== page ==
Windows Dev Center

Guidelines for app help

These guidelines describe how to design effective Help content for your app. Help content should be a single page and can include text, links, and images. If you need to provide dynamic Help content, link to a support website or embed an online page in your Help section.

Should my app include Help content?

It's up to you whether to include Help; not every app needs a designated Help section. For example, if you app contains only one or two UI elements that might confuse a user, you could integrate instructional UI, create a simple in-app demo, or consider redesigning those elements instead of creating a separate help section. If you do create a designated Help section, it's best to keep it as succinct as possible.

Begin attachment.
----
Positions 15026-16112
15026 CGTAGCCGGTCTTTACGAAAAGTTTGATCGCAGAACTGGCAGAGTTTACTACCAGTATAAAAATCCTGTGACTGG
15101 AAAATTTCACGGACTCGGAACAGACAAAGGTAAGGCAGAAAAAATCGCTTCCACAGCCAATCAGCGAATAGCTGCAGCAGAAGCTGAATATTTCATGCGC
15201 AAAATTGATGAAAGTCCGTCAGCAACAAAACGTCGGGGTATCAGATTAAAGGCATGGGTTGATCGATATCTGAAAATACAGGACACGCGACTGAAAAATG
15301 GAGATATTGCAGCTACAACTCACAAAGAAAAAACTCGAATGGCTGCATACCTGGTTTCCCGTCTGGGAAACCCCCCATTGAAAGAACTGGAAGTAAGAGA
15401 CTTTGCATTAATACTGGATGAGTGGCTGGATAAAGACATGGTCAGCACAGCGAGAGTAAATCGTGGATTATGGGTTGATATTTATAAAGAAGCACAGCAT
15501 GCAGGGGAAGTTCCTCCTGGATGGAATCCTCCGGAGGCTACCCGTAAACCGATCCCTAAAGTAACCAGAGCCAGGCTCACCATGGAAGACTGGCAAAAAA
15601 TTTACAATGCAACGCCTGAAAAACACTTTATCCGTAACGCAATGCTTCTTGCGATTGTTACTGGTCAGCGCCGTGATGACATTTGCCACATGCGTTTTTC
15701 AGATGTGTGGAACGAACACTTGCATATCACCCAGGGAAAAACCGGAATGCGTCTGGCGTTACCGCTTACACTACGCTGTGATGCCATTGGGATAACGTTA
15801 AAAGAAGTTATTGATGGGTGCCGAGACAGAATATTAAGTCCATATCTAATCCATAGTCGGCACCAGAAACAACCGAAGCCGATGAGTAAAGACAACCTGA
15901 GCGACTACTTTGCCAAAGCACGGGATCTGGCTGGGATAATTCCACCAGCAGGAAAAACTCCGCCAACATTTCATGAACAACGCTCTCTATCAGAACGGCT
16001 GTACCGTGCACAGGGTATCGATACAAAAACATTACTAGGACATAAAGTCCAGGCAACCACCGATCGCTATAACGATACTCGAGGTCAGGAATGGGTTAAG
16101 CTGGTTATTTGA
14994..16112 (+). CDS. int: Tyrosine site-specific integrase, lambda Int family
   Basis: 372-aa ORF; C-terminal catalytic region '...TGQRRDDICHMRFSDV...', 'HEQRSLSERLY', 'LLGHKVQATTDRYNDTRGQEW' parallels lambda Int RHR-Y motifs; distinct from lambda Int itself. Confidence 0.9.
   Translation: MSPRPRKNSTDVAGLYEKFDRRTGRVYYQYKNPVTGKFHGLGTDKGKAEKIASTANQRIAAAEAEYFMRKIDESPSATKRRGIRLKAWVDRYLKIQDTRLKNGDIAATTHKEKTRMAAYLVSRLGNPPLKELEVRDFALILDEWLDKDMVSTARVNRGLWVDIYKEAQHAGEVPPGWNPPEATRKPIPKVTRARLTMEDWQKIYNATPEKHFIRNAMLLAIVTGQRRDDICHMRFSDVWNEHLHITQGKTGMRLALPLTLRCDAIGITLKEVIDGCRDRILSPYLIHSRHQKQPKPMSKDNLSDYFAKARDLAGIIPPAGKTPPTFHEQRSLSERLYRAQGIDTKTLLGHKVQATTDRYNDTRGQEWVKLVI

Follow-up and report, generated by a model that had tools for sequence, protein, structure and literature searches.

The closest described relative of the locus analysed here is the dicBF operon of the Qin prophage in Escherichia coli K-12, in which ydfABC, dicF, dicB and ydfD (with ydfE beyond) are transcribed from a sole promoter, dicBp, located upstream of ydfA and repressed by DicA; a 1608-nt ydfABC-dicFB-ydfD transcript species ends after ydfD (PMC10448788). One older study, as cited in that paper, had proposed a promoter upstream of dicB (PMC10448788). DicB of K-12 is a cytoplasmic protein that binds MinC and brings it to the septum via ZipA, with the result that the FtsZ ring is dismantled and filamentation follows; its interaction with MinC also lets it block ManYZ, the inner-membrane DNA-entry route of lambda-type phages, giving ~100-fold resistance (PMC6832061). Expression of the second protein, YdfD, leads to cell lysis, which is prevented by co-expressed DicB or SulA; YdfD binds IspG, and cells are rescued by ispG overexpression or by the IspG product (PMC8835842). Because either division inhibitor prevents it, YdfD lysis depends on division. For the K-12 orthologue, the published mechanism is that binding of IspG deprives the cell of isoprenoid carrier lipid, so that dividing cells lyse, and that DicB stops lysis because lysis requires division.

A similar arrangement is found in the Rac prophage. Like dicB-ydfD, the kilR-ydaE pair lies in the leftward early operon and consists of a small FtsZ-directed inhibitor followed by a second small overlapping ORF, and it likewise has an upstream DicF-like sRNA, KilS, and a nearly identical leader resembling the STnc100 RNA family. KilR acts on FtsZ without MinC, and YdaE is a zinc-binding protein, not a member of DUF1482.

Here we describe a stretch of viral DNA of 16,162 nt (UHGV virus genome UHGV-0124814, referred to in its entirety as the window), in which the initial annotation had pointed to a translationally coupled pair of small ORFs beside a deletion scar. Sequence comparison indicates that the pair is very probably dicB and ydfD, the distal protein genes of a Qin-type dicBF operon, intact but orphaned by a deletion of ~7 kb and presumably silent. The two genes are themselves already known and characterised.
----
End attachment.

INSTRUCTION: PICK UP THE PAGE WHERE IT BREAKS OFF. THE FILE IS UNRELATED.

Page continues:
• Keep Help pages short and easy for users to browse.
  • If your Help content doesn't fit on a single page or if you need to include dynamic content that'll need updating, link to a support website or embed an online page in your Help flyout. Keep in mind that linking to a web page takes your user out of the app experience. If possible, embed the online content to create a more cohesive user experience.
  • Avoid technical terms and jargon.
  • Don't use Help to document all your app features. If you want to provide detailed content about your app, consider providing a link to a support web page at the end of your Help content.
  • Don't use Help to notify customers that a newer version of the app is available.
  • Allow users to access Help from the Settings page.

[This article contains information that is specific to Universal Windows Platform (UWP) apps and Windows 10. For Windows 8.1 guidance, please download the Windows 8.1 guidelines PDF .]

Related topics

For designers
Guidelines for designing instructional UI
Guidelines for app settings



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